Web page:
Officials with PennDOT and the Cambria County Transit Authority celebrated the opening of the commonwealth’s newest compressed natural gas fueling station in Johnstown.
The facility is the first of 29 CNG stations Love’s Trillium CNG will design, build and maintain for numerous transit authorities in Pennsylvania as part of a public-private partnership contract PennDOT awarded to the company last year.
Fewer people died in Pennsylvania traffic crashes in 2016 than in any year since record-keeping began in 1928. According to PennDOT, 1,088 fatal crashes claimed 1,188 lives last year, down from 1,200 deaths in 1,102 fatal crashes in 2015.
There are many reasons for the improvement, from less driving under the influence to improving vehicle and highway safety engineering.
Construction on Interstate 95 in the Philly area will continue well through the next decade — maybe longer, especially if the city gets its wish and adds a capping project connecting the city with the Delaware River over a piece of the highway.
But there’s always some good news: PennDOT’s making progress on a number of projects along 95 and hopes to wrap up several this year, including opening ramps near Fishtown and completing construction near Cottman Avenue.
Pittsburgh is one of two U.S. cities where you can ride in a self-driving car. It’s home to decades of autonomous vehicle work at CMU.
But there are no state laws specific to testing self-driving cars (yet). And there’s no designated person or entity considered the main resource on the technology.
So who is educating Pittsburghers about this technology and its impact? Right now, the bulk of public awareness falls to PennDOT.
Over the past 40 years, the Pennsylvania Turnpike Commission has spent nearly $120 million on design, redesign, environmental impact statements and other elements for the proposed last leg of the Mon-Fayette Expressway.
That 14-mile segment from Jefferson Hills to Monroeville, which has a revised completion estimate of $2 billion, was put on hold last month by the Southwestern Pennsylvania Commission. The planning commission will decide in June whether the project continues or gets placed back on the shelf, where the former turnpike commission chairman predicted last year it would die.
PennDOT today announced that traffic deaths in Pennsylvania reached a record low in 2016 with 1,188 fatalities on Pennsylvania roadways last year, a new low since record keeping began in 1928.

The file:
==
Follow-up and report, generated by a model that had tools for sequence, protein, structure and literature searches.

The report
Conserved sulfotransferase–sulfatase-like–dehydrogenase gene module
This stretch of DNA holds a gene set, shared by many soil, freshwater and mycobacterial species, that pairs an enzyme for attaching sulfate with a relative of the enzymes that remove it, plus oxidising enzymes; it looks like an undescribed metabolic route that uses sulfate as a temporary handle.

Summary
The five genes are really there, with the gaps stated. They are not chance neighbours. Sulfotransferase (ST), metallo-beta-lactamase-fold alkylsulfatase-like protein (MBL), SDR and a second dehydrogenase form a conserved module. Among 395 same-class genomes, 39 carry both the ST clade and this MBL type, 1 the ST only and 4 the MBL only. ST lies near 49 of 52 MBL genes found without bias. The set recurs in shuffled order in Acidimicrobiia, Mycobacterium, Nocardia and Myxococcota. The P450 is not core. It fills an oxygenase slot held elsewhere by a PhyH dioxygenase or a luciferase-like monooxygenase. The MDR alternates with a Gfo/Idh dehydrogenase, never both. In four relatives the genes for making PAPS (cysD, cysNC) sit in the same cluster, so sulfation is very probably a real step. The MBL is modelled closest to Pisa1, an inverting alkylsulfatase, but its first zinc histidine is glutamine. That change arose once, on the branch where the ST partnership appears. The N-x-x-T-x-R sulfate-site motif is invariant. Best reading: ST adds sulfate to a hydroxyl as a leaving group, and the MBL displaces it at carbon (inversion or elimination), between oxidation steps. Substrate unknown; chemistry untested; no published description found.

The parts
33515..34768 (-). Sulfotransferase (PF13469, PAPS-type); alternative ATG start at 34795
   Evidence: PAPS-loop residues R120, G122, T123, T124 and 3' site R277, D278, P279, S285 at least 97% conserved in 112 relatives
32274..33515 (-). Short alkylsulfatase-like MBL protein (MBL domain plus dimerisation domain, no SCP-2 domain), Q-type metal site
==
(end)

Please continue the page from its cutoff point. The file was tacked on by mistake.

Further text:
While the number of highway deaths dropped in many types of crashes, there were significant decreases noted in run-off the road, hit fixed object, and drinking driver fatalities. Fatalities in run-off the road crashes dropped from 580 in 2015 to 518. Hit fixed object fatalities also decreased from 459 in 2015 to 401 last year. Deaths attributed to drinking-driver-related crashes declined to 263, down from 306 in 2015.
For local drivers who deal daily with heavy Interstate 81 traffic, major help isn’t on the way any time soon.
The long-discussed widening of I-81 to three lanes for more than 30 miles north and south between the Clarks Summit and Nanticoke interchanges remains dependent on funding that so far doesn’t exist, experts made clear at a Focus 81 meeting Wednesday. Read more
The Wolf Administration, the Pennsylvania Department of Transportation (PennDOT), the Pennsylvania Turnpike Commission and the Association of Pennsylvania Constructors today gathered to kick off Work Zone Safety Awareness Week – which runs through April 7 and honors lives lost – by hosting PennDOT’s statewide Workers’ Memorial in Harrisburg.
The legislature and governors, Republican and Democrat, Tom Ridge to Tom Wolf, annually siphon off funds allocated to fix roads and bridges, and use the money for something else — to bolster budgets of the Pennsylvania State Police.
Governor Tom Wolf announced today the nomination of former state Senator John Wozniak to serve on the Pennsylvania Turnpike Commission.
Bucks County Democratic State Rep. Perry Warren is proposing a bill to ease the financial burden that commuters continue to face with rising tolls on the Pennsylvania Turnpike.